If only our work was as simple as poking a dipstick into someone’s head, like a mechanic checking the oil in a car, and pouring a little dopamine in there if we find that they are a quart or two on the low side.

The truth is that doctors don’t really know how antidepressant medications work. We know that they alter the amounts of certain neurotransmitters in the synapses, and we know that they have positive clinical effects, but the exact mechanism of the process remains a mystery. Another rarely discussed fact is that the resulting improvements in mood are neither guaranteed nor permanent. Many patients experience no benefit at all from antidepressants, and even ones who do achieve satisfactory results report that the effects wear off after they have taken them for a few years.

Since psychiatrists are specialists, primary care doctors often refer patients to us after they have prescribed several different psychotropic drugs for them with minimal success, and much of what we do involves adjusting their medication regimen in an attempt to help them achieve remission. Unfortunately, I’ve had many people complain to me that they are tired of being “treated like a guinea pig,” because previous doctors have repeatedly switched them from one drug to another, as if they were conducting experiments on them to find out what worked.

The suffering that these patients endure during their frequent relapses illustrates the problem with believing in myths. In most of these cases, searching for the right mix of medications is a pointless endeavor, because describing their issues as a “chemical imbalance” is a horrible oversimplification. The human brain is not a piece of machinery. It can’t be manipulated and adjusted by a physician according to standardized specifications, as if it were the engine of a car. The biology of psychology is a much more subtle and intricate process than that. When human beings use their nervous systems in certain ways, it causes some neuronal connections to strengthen, while others are weakened. As an analogy, think of how people learn to play sports. The first time that someone throws a football, kicks a soccer ball, or swings a baseball bat, he or she might not be so great. With many repetitions, the neural pathways in the brain and body which are responsible for these acts of coordination become stronger, and the person’s performance improves.

While emotions and moods are different from motor activities, they are nevertheless functions of the nervous system, and the same principles apply. Being happy makes it more likely that a person will be happy in the future, because those neural pathways become strengthened over time. Unfortunately, sad people also tend to continue to be sad, and if the downward spiral progresses it eventually leads to clinical depression. It is theorized that the long-term administration of psychotropic medications somehow alters these pathways, and that those structural changes, rather than the the initial chemical changes, are what result in the relief of psychiatric symptoms. This is why it generally takes several weeks for the medications to start working when they are first prescribed. It’s also theorized that these drugs wear off after a certain period of time because the brain eventually reverts back to its original state, through a process resembling homeostasis.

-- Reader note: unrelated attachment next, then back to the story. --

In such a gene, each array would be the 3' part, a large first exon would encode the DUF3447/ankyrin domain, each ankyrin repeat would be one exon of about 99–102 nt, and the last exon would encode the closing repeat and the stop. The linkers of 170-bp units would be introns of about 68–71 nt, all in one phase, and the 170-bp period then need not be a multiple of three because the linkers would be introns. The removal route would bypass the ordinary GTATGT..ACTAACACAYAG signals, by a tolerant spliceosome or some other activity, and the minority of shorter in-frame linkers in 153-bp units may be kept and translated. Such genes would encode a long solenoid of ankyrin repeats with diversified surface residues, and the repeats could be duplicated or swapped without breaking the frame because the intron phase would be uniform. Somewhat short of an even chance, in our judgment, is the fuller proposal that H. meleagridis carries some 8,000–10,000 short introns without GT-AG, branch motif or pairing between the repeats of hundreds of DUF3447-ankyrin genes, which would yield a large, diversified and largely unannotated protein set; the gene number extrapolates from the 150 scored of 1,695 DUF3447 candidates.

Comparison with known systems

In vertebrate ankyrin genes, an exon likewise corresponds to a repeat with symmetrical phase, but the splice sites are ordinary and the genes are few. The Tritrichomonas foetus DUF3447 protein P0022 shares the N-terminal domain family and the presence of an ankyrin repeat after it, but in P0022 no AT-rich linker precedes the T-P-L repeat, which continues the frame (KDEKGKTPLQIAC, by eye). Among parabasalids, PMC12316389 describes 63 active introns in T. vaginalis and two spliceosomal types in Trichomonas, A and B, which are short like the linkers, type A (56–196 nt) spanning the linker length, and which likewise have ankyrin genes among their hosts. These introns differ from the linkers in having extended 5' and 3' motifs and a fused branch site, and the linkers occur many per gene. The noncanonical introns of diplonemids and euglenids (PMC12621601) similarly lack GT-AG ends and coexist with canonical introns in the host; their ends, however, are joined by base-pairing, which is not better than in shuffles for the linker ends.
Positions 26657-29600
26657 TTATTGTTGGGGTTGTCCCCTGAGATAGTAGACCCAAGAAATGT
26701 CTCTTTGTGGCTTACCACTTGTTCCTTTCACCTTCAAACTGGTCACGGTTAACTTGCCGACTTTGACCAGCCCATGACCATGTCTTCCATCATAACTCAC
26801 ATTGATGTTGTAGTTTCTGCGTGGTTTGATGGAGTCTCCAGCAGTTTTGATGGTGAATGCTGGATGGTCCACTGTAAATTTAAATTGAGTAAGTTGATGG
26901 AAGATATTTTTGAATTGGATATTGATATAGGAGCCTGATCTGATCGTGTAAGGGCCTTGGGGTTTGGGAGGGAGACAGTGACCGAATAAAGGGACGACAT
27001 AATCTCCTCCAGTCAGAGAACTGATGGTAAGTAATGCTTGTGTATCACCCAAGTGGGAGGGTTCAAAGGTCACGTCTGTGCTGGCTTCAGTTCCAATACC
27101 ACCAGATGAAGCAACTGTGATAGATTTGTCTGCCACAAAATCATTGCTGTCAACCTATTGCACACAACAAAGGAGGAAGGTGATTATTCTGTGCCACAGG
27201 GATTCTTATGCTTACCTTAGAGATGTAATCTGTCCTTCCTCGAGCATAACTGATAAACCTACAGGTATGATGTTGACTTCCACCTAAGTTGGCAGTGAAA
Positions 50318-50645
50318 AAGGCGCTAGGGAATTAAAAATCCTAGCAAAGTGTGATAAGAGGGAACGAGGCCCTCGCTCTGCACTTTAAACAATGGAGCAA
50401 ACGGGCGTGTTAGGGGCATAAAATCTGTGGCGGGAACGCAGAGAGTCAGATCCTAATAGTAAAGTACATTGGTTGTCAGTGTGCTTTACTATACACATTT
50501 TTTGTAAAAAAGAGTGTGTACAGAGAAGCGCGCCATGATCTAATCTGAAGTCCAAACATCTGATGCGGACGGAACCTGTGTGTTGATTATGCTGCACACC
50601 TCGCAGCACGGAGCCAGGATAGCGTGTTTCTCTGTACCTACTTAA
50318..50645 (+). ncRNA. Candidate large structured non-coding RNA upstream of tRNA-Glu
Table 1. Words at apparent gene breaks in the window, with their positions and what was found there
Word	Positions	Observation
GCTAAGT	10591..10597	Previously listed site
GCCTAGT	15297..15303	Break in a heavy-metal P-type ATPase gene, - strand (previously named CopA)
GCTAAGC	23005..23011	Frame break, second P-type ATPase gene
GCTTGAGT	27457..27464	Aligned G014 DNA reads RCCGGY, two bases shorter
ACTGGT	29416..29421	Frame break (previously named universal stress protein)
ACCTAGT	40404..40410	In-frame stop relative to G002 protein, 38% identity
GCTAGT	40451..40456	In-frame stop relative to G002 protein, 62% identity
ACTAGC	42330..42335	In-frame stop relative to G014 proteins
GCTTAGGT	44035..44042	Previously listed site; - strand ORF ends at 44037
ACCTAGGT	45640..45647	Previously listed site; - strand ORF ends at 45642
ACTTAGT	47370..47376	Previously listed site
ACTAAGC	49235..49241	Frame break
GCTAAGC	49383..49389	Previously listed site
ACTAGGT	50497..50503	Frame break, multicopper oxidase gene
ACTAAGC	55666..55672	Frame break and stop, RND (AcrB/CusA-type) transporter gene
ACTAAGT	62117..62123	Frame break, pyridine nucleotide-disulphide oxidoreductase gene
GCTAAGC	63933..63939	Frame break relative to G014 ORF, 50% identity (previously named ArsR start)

More permanent changes in the brain can be achieved through other forms of treatment, such as psychotherapy. This is why mental health practitioners rarely, if ever, prescribe drugs as the only form of therapy for patients with active symptoms. Drugs can provide patients with a boost in mood, enabling them to work on the issues in their lives which resulted in their depression in the first place, but unless the underlying problems are addressed they will come up again when the medication effect wears off. A good counselor provides an objective voice, as opposed to a depressed patient’s inner voice of doom, and can help a patient come up with realistic ways to change his/her outlook or behavior that will eventually result in positive and long-lasting changes in his/her brain structure. Changing oneself for the better is commonly known as “personal growth” or “maturity,” and it is not achieved through ingesting chemicals. As with riding a bike, it takes time and practice, and once you learn you never forget.

There are many valid reasons that people want their symptoms to be managed with “meds only.” These include no time for therapy, no insurance coverage, and no interest in sharing their innermost thoughts and feelings with a therapist. However, if patients take psychotropic medications but opt out of other parts of their prescribed treatment plan, they rarely if ever achieve a full recovery. This is something that is left out of the drug-company advertisements, but it’s something that anyone who has ever taken antidepressants needs to know.